3/12/2006 10:06 AM

Anonymous Anonymous said...

I've always had the impresion that if you re-up even once, you might as well stay in the full 20 because after that second term is over you're already halfway there.

Thinking this way, I couldn't bear to think of another 15 years doing a job I liked but, HATED the managment.

25% after ten I could of done, but delaying payment of the retirement annuity until age 60 would be a deal breaker. Some people don't have it there gene's to live that long.

Slightly offtopic:

BUT... There is an alternative to retirement benefits. I receive $108 bucks a month from the VA compansation for my ringing ears. I'm still quite young and could only manage a 10% disability rating, but some of you older farts, like my father-in-law, with bad knees and a bad back from years of living aboard ship (submarine knees) can easily get a 40-50% disability rating, which in my FIL's case is nearly 50% of his Senior Chief retirement pay.

So I guess what I'm trying to say is: there are other ways to suppliment your post enlistment income besides retirement.

3/12/2006 11:04 AM

Anonymous chrys said...

You aim at the 20 some mark and everything changes on the way. IF you have to wait until 60 (bad genes and all) - you'll surely have a lot of too old soldiers/sailors staying in for the 30-40 deal. Cranky and demanding like union auto workers! ;-D

Housing allowances have always been a little strange. If everyone becomes entitled to the same - there won't be anyone living in the barracks - OR - a lot of husbands/wives will opt to stay with their parents or relatives - away from the spouse - depending on whether these benefits are left family style or single rate!?! One of the reasons we got married 31 years ago was the fact that we had top secret crypto clearances and thought we'd loose them by "shaking up" - AND - as two military people we each were entitled to a housing allowance (double). ;-)

3/12/2006 9:40 PM

Blogger Skippy-san said...

TSP allows folks who want out to leave with something. For active duty, the whole revised compensation plan is a mess. Its undemocratic, unfair and the bottom line is the military is not a corporation. ( Companies can't ask you to die for the company--and dead is still dead regardless of paygrade). Plus the military has to be a young man's game. The current system is not broken---only the money grubbing Dr Chu thinks so, because it pains him to have to pay people what they have earned.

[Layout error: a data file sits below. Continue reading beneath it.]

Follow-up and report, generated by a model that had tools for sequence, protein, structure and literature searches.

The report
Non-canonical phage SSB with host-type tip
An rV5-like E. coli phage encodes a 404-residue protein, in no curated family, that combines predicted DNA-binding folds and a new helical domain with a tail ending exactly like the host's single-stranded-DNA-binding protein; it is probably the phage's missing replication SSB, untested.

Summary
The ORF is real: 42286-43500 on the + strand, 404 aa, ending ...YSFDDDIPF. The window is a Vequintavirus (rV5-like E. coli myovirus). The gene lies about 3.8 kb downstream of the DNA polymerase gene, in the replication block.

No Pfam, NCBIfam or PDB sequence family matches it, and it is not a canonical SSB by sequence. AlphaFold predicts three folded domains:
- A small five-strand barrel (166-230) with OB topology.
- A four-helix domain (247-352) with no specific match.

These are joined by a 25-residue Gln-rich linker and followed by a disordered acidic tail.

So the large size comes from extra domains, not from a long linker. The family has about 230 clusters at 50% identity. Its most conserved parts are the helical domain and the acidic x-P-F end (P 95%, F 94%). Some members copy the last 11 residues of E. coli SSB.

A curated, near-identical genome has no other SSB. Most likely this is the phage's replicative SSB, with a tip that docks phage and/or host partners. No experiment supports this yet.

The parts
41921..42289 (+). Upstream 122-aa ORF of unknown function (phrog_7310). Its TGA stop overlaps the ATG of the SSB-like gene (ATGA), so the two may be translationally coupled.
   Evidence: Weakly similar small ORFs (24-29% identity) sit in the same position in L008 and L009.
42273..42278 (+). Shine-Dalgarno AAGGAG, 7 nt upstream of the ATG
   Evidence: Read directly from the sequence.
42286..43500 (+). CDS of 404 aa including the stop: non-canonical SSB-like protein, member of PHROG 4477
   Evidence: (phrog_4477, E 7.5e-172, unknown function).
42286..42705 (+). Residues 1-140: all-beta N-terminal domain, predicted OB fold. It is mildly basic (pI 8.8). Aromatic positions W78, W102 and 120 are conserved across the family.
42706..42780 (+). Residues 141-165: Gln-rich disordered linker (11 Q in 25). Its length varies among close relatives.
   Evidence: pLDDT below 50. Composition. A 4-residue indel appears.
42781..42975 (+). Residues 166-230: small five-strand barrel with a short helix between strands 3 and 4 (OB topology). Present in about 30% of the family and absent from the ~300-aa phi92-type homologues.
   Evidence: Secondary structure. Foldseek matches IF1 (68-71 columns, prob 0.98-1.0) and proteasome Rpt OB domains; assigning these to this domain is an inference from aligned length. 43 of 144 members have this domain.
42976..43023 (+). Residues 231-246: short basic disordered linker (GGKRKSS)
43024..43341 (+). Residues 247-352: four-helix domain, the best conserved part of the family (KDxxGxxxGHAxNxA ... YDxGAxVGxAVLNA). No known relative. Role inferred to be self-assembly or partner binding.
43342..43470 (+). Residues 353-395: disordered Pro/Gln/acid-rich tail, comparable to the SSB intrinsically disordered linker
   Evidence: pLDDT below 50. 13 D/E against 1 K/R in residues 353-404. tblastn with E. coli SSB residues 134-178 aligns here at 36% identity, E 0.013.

All the military lobbies should decry this proposal loud and long..

3/13/2006 6:53 AM

Blogger submandave said...

I agree that the 60-yr start is a total deal breaker. That's the way we've got it in the Reserve and I've been saying for some time now that this is a big hurdle in getting quality Active to Reserve accessions. It's one thing to tell a 30-yo sailor with 10 in that they can join the Reserves and still retire in 10 years and quite another to remind them that they won't see a dime for 30. Especially with involuntary recall and a year in the desert almost guaranteed to break up their starting a new career.

Additionally, a 10 year vestment will kill the Reserves, a huge player in the GWOT. For the Reserve to be able to support the Navy mission we rely upon quality individuals to apply their training and skills learned on Active Duty. It is simply impossible to make an effective non-prior service OS, for example. Without the carrot hanging out there at the 20-year point many sailors we have leaving Active Duty and joining the Reserve will simply take their small piece of the pie and go home.

3/17/2006 10:47 AM

Blogger Jon said...

Personally, I was a six and out (well, five and a half, but whatever...early out was pretty nice), but my father did twenty in the air force as a pilot draftee. The first two times he extended, it was due to a poor economy (mid and late 70's). Once he hit his 12 year point (or thereabouts) it really was because he was more than halfway to retirement, so he stayed in up to his 20 year point (he had the paperwork in at something like his 18 year point.)

If the twenty year vestment hadn't been there, he would have left the air force around his 15 year point, I figure, and gone into the airlines that much sooner.

1/08/2010 10:56 AM